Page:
Festivals in Japan are a colorful and joyous affair, and its easy to get caught up in the swirling crowds of townsfolk. Everywhere we went we were greeted with welcoming smiles and offers to shake hands. We arrived in time for Nagano’s harvest festival, where we watched the activities mentioned above with gusto. It was the perfect way to end our trip before heading back to Tokyo. Best of all, our arrival was perfectly timed as we had no idea the festival was on until we checked in to our hotel.

In Japan, the scope of experience waiting for you is truly immense. There is something here for every age and taste, whether you are interested in climbing steaming volcanoes, seeking serenity in landscaped gardens, enjoying traditional architecture, relaxing in a provincial spa town, venturing through the rugged Japanese alps, or chasing modern pop-culture in neon-lit urban jungles. Today’s Japan is a country for all types of travelers, including those on a budget.

If you’re a traveler who likes to experience both city life and the stunning rural countryside, consider a road trip through Honshu, Japan, where a magical world awaits you at each step of your journey.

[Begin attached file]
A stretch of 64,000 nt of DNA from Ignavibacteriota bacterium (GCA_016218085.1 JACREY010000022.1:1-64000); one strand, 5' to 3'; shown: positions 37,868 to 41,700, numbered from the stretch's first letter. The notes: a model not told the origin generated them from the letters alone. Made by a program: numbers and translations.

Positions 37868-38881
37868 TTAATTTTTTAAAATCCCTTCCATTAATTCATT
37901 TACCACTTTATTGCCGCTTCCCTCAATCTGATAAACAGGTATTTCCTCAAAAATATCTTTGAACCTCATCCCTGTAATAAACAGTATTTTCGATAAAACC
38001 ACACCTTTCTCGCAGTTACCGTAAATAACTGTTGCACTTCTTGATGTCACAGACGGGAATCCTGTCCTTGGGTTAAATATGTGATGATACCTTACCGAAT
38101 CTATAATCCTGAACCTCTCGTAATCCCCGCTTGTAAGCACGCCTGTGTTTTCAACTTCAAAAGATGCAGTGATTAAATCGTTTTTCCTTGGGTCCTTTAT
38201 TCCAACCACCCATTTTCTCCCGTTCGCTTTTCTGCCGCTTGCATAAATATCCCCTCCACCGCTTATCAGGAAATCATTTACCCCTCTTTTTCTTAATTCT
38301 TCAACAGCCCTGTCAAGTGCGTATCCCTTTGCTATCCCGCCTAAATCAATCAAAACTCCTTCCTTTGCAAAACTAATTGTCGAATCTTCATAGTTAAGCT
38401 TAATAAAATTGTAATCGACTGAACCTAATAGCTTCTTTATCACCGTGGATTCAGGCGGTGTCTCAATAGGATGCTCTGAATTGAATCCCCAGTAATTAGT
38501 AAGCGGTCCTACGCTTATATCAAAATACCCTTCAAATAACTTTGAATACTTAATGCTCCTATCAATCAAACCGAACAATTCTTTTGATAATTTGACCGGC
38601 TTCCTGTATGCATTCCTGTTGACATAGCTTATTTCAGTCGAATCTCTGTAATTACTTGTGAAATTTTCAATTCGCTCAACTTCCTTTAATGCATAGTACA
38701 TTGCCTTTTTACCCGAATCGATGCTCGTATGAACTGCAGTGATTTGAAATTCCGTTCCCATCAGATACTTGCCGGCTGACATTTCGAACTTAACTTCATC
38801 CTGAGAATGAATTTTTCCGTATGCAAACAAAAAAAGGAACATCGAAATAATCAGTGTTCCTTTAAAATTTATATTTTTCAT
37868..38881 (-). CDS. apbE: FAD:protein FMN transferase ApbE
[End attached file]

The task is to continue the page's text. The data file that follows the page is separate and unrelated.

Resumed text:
I'm a chronically ill Canadian who has been living in Taiwan since 2006. I'm a bit of a jack of all trades! I love art, gardening, flower arranging, reading (that's an understatement if you've seen my GoodReads profile), and snuggling with my cats. Animal videos make me cry. I hate cooking. Nothing makes me happier than seeing my garden bloom! Learning about new cultures and exploring the world has been my thing since I started traveling at age 19. A self-professed autodidact, I can speak comfortably on many different subjects and hold a special place in my heart for science, technology, law, health and medicine, and history. You can find me nerding out at home most of the time due to being chronically ill and housebound. If I'm not engaged in one of the activities listed above, I'm probably building websites. Check my About page under Carrie Kellenberger to learn why I'm taking you on this journey with me through My Several Worlds. I can't wait to get to know you better!